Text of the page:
This 1990 recording offered new and unusual perspectives on Bach's very familiar Magnificat. Most amateur choristers who have sung the Magnificat think of it as a loud shout of joy, partly because they've had to bellow their way through the challenging vocal lines. But French conductor Philippe Herreweghe and his historical-instrument Collegium Vocale tone down the work's enthusiasm, delivering the choral movements with transparency, a bit of a dance-like quality, and perhaps Gallic elegance in place of the more usual big sound. The difference is apparent right from the start, but don't confine your sampling to that -- one result of Herreweghe's approach is an appealing balance between the choral and solo vocal sections. With solo or duo music making up more than half of the work's 12 sections, that makes a lot of sense, and the soloists here are for the most part absolutely ravishing. Hear the hushed, wondrous "Quia respexit humilitatem" (track 3) of soprano Barbara Schlick, or the lush countertenor alto of Gérard Lesne in the "Esurientes," track 9. Only second soprano Agnès Mellon disturbs the transcendent mood with her strangely aspirated "t" sounds, which may be more of a problem for some listeners than others. The unusual version of the likewise familiar Cantata No. 80, "Ein feste Burg ist unser Gott," is a bonus inclusion; Herreweghe programs a revision by Bach's son Wilhelm Friedemann that includes trumpets and tympani. Those new to Bach's Magnificat on original instruments might check out performances by John Eliot Gardiner for a comparison with a gutsier interpretation, but Bach devotees will find unearthly delights in this famous recording.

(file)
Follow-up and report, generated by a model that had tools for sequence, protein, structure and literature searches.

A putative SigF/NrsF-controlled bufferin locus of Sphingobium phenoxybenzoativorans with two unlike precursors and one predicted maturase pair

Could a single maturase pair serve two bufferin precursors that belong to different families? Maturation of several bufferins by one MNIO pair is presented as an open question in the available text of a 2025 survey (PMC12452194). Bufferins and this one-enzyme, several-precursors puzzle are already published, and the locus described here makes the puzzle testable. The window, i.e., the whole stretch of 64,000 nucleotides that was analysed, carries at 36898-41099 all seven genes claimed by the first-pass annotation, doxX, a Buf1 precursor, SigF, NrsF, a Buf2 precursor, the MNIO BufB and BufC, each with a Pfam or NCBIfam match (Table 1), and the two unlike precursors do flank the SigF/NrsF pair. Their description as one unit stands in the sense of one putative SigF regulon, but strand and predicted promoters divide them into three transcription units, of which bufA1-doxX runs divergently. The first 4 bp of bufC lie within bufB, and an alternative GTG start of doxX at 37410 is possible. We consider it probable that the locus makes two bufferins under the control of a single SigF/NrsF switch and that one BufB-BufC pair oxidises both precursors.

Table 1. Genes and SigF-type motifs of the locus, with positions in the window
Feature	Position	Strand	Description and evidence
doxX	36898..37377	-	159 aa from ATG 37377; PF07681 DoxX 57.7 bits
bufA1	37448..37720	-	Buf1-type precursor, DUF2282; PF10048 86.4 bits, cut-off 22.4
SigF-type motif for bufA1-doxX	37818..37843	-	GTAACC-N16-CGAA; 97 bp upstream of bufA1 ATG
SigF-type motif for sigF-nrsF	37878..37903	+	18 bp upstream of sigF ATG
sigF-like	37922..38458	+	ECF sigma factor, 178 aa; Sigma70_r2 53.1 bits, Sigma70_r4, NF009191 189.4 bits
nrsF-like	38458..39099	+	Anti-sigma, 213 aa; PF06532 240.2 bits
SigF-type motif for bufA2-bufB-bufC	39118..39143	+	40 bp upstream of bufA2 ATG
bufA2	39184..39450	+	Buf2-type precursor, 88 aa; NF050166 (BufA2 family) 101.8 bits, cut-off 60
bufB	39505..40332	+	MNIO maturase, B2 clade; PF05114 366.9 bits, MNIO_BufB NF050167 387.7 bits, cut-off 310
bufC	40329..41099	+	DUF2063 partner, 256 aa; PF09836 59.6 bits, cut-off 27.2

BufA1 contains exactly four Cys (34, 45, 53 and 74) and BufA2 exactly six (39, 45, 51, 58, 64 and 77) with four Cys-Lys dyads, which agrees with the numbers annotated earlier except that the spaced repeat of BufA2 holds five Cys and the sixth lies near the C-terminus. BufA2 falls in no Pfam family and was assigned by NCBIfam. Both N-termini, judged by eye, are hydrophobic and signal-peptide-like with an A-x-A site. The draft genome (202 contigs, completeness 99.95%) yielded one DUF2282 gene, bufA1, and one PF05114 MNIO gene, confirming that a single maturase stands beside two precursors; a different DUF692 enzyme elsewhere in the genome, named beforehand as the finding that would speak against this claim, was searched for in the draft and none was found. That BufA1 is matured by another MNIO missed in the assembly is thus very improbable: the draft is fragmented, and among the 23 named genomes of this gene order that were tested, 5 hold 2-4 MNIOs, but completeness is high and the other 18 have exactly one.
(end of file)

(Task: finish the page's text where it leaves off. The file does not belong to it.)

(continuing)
AllMusic Review by James Manheim
|Magnificat, for 5 voices, 5-part chorus, orchestra & continuo in D major, BWV 243 (BC E14)|
|Cantata No. 80, "Ein feste Burg ist unser Gott," BWV 80 (BC A183)|